Some Protestant traditions have additional offices of ministry to which persons can be ordained. For instance:
  • most Presbyterian and Reformed churches maintain a three-fold order of ministry of pastor, elder, and deacon. The order of Pastor, the only one of the three orders considered "clergy", is comparable to most other denominations' pastoral office or ordained ministry. The order of elder comprises lay persons ordained to the ministries of church order and spiritual care (for example, elders form the governing bodies of congregations and are responsible for a congregation's worship life). The order of deacon comprises lay persons ordained to ministries of service and pastoral care.
  • in the Methodist tradition, deacons are also ordained.
For most Protestant denominations that have an office of bishop, such as Lutheranism and Methodism, this is not viewed as a separate ordination or order of ministry. Rather, bishops are ordained ministers of the same order as other pastors, simply having been "consecrated" or installed into the "office" (that is, the job) of bishop. However, some Lutheran churches also have valid apostolic succession.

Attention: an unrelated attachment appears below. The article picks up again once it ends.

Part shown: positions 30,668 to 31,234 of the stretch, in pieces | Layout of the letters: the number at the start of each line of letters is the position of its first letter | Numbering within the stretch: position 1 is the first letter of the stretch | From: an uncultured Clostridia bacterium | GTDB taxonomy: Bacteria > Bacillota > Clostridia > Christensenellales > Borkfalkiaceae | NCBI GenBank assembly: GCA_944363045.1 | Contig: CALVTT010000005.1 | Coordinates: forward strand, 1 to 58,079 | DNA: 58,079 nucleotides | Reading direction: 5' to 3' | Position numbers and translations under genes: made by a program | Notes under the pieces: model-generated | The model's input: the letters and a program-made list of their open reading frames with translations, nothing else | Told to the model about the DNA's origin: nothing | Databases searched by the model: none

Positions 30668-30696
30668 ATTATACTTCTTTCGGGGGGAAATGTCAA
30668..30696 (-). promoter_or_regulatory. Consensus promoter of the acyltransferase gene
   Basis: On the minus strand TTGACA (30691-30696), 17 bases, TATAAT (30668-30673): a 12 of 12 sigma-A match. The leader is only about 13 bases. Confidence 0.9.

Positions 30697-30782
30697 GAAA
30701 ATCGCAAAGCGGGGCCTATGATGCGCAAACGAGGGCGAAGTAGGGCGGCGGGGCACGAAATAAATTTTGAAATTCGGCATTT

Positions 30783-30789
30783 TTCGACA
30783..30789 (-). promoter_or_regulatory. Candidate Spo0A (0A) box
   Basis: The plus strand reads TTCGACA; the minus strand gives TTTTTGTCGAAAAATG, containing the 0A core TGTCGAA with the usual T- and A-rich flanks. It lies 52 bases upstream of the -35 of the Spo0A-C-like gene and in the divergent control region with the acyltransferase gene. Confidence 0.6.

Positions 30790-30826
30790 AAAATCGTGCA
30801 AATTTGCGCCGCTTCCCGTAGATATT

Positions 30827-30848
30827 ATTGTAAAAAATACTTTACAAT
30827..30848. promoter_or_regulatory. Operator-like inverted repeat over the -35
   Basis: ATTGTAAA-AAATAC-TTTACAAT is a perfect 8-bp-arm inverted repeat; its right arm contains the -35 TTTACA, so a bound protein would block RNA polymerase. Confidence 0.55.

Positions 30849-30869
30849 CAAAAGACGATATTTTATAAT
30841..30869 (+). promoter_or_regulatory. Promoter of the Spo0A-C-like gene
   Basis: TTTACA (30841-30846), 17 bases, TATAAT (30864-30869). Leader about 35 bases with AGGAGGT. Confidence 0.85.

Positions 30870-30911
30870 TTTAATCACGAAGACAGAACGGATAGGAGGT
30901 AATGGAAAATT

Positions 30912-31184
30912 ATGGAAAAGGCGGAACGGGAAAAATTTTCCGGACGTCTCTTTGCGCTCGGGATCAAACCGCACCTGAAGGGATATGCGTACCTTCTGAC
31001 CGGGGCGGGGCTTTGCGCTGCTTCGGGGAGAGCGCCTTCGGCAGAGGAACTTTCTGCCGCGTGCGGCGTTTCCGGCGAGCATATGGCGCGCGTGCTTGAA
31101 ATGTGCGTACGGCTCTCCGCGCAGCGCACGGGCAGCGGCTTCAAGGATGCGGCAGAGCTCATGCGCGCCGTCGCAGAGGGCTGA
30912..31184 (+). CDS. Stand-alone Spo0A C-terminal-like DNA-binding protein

Some Protestant (especially Pentecostal/Charismatic) Churches also have an informal tier of ministers. Those who graduate from a Bible College or take a year of prescribed courses are Licensed Ministers. Two more years of courses or graduation from a seminary or theological graduate school, as well as an exam by senior ministers, will result in one becoming an Ordained Minister. Both Licensed and Ordained ministers are entitled to "Reverend."

Latter Day Saint movement

Church of Jesus Christ of Latter-day Saints

In The Church of Jesus Christ of Latter-day Saints, a rite of ordination is performed to bestow either the Aaronic or Melchezidek Priesthood upon a worthy male member. As in the Anglican, Roman Catholic and Orthodox traditions, great care is taken to assure that the candidate for priesthood is ordained by those with proper authority and ordained properly and validly; thorough records of priesthood ordination are kept by the church. Ordination to the office of priest in the Aaronic Priesthood renders unto the ordained the authority to
  • baptize converts and children over the age of 8 into the church
  • bless and administer the Sacrament (the Lord's Supper)